I created a Twitter account a looooooong time ago, using my real name, and as the vast majority of people, I couldn’t get into it at first. A couple of years later I decided to give it another try. As a postdoc, I started following scientists and enjoying what I was reading. But although I was comfortable reading, I was not comfortable at all expressing my thoughts. Internet never forgets, and I’d think about everything and everyone before hitting that tweet button! What when I’m in the job market and someone from the committee reads my tweets?

That’s when I created my pseudo account. That was so much better and easier. I could really “be myself” and those of you that know me IRL can confirm how, in a way, I’m mostly myself when I tweet. However, everybody has several personas*. When I started to be active on Twitter, I embraced the postdoc persona: underpaid, hoping for a TT position, bitching about experiments and my academic world. And that’s when I’ve gotten most of my followers (I guess? I don’t really track this). Of course, every now and then I used to tweet about something different, but my Twitter persona used to be a very sciency and academic one.

Now things have changed. I’m no longer a postdoc. I’m not applying for academic positions anymore. Although I still deal with professors and research, I’m not the one doing it. But still, most of my Twitter followers are academic science fellows. So I came back to think a lot about what to post on Twitter. I read about failed experiments, grants submitted, stupid reviewers… and I have nothing to say abound this subject anymore! I feel like most of things I want to talk about are boring and no one wants to read them. That’s the main reason I’ve slowed down my Twitter usage during this past 6 months or so. I feel like I don’t belong there anymore. I’m in a mostly academic community and I’m afraid I have nothing to contribute to it…

But I do love Twitter (and my peeps!) too much to quit. Leaving academia for me was not an option. I am very happy about it now, but at the time, it was very painful. I’ve thought about creating a new pseudo account and starting fresh. A brand new non-academic account. But that would be too painful as well. I guess what I’ll try to do is to embrace my new “non-academic” persona on Twitter. I know I’ll lose a couple of followers, but at least I’ll keep being myself.

 

*Jung describes the persona like this:

The persona is a complicated system of relations between individual consciousness and society . . . a kind of mask, designed on the one hand to make a definite impression upon others, and, on the other, to conceal the true nature of the individual (Jung 1953, p. 192).

There’s life after academia: 6 months update

It’s been a while since I wrote something here… But forgive me, life has changed a lot for me and I had to catch up! One year ago, I received the notice that our grant funding was not renovated and that the lab was going to close. One year ago, I was still fighting the idea of leaving academia. If at that time someone told me that today I was going to be working outside academia, with a good salary, and being happy about that, I’d never believe it! But here I am, exactly in this position now! Because everybody still asks me “how is the new job going?” I decided to share it with you.

I was very skeptical at first. To leave academia and work as a sales person? C’mon, who wants to be that annoying sales rep that always comes to your door at the worst possible time? I remember saying in my interview that I didn’t know if I’d be a good sales person, because I’d never would push a product to someone that didn’t want or it was not necessary to them. But you know what? That’s one of the reasons I got hired! Of course, my PhD mattered. They wanted someone to deal exclusively with academic accounts, and having spent so much time in academia, I was a perfect fit for the task.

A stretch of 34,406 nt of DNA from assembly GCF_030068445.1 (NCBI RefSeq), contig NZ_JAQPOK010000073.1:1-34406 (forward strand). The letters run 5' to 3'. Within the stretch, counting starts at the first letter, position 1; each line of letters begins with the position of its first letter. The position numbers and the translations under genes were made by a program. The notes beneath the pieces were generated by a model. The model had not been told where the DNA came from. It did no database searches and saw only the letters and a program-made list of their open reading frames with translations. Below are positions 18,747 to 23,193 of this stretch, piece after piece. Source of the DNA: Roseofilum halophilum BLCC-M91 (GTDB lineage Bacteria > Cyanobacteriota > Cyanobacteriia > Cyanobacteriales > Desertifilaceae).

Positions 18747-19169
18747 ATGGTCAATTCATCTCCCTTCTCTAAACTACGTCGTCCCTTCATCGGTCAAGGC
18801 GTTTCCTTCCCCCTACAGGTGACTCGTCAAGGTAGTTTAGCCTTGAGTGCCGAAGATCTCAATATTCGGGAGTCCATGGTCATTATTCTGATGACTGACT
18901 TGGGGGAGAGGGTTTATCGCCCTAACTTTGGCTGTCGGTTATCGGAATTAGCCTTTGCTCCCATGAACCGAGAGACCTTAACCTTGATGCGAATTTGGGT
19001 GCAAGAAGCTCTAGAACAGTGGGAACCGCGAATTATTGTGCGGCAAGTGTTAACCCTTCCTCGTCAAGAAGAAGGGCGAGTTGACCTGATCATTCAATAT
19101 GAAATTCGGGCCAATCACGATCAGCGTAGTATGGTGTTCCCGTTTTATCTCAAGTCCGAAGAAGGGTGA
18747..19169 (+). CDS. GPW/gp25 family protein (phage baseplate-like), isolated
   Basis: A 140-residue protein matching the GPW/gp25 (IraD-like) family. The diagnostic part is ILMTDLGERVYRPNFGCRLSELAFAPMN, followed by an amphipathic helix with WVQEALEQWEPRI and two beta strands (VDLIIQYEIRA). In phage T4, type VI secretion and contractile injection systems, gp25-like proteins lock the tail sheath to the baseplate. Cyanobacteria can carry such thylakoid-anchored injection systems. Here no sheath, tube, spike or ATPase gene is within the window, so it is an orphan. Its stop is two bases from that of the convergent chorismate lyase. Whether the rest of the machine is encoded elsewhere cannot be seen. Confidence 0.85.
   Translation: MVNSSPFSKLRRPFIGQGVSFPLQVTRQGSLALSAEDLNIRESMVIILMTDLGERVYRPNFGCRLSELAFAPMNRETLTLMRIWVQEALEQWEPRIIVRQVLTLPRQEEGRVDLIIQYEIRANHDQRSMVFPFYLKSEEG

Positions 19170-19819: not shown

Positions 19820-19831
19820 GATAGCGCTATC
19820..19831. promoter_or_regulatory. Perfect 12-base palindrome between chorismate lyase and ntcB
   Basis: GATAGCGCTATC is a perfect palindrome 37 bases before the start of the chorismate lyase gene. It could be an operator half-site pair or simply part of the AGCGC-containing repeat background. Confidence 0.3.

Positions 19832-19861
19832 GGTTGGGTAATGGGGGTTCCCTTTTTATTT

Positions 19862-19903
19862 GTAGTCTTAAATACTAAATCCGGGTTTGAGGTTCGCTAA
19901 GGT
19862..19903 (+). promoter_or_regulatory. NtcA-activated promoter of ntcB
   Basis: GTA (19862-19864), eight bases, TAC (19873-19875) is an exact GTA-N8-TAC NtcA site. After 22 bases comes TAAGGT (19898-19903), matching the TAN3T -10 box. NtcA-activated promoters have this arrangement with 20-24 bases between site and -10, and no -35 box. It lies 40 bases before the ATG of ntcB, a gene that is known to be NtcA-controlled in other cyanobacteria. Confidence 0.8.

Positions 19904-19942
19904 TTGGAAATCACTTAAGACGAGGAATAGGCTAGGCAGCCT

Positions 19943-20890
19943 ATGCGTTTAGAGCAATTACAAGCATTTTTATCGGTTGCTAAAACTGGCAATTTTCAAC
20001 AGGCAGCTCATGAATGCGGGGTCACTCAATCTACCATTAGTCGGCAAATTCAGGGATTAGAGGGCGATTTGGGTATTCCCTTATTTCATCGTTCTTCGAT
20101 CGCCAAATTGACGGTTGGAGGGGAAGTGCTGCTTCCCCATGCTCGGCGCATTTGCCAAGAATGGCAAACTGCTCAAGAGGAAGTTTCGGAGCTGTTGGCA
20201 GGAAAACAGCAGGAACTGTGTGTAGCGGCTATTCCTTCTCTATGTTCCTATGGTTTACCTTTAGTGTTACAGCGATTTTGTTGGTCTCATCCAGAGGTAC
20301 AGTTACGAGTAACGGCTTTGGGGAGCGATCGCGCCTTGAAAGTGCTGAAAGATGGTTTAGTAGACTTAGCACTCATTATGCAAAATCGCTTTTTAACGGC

Then I was scared! I was hired to sell analytical equipment, and my PhD is in neuroscience! It was ages since I had some sort of Chemistry classes and although I’ve used a HPLC before, all my knowledge in chromatography was very basic. Mass Spectrometry was always magic to me. How on earth I could talk to researchers and sell them those fancy instruments? It was tough in the beginning. I had to read and study A LOT.  I also had a lot of help, thankfully! What’s good about working for such a huge company is that there are specialized people to deal with everything you can imagine. Of course, finding who are those people sometimes takes a lot of effort, but once you know the deal, it’s easier! The other good part about working for a big company is that you don’t really have to make cold calls or look for sales. They come to you. Then it’s easier to call them back and answer their request. That made me feel much more comfortable in calling people.

I’ve always been a people person, always loved to talk and to help people. Now I am being paid to do so! In the beginning I was very afraid of wasting the researcher’s time. I know how crazy life is in academia, and how I was bothered with sales calls every now and then. But I started to realize that, when they need an expensive equipment for their research, they need my help and they are happy to talk to me! In my first time doing campus visits, I thought I was going to spend 15min talking to each professor – tops. I was extremely surprised how well they treated me and usually spend about 1 hour with them (Of course, I never just show up at someone’s lab, all meeting are properly scheduled in advance).

So now, after a little over 6 months doing this job, I finally got comfortable about my products, the techniques and the options that I can help my customers with. I believe I’m doing a good job, as I recently got a non-academic territory on top of my academic one. I started developing a relationship with some of my customers. I care about them, and they notice that. I fight for them, I tried to make the best for them. The other day a researcher wanted to buy an equipment with two detectors that would do basically the same thing. I could simply have sold it, but I warned and told the researcher that one was enough. They appreciated my help and my honesty. Yesterday was a very nice day. I was invited to do a vendor show at a very nice symposium and I heard that I was good at my job. Twice! My boss also told me how happy he was to have hired me. In the end, I am happy that he believed in me, but most of all, that I am happy that I also believed in me🙂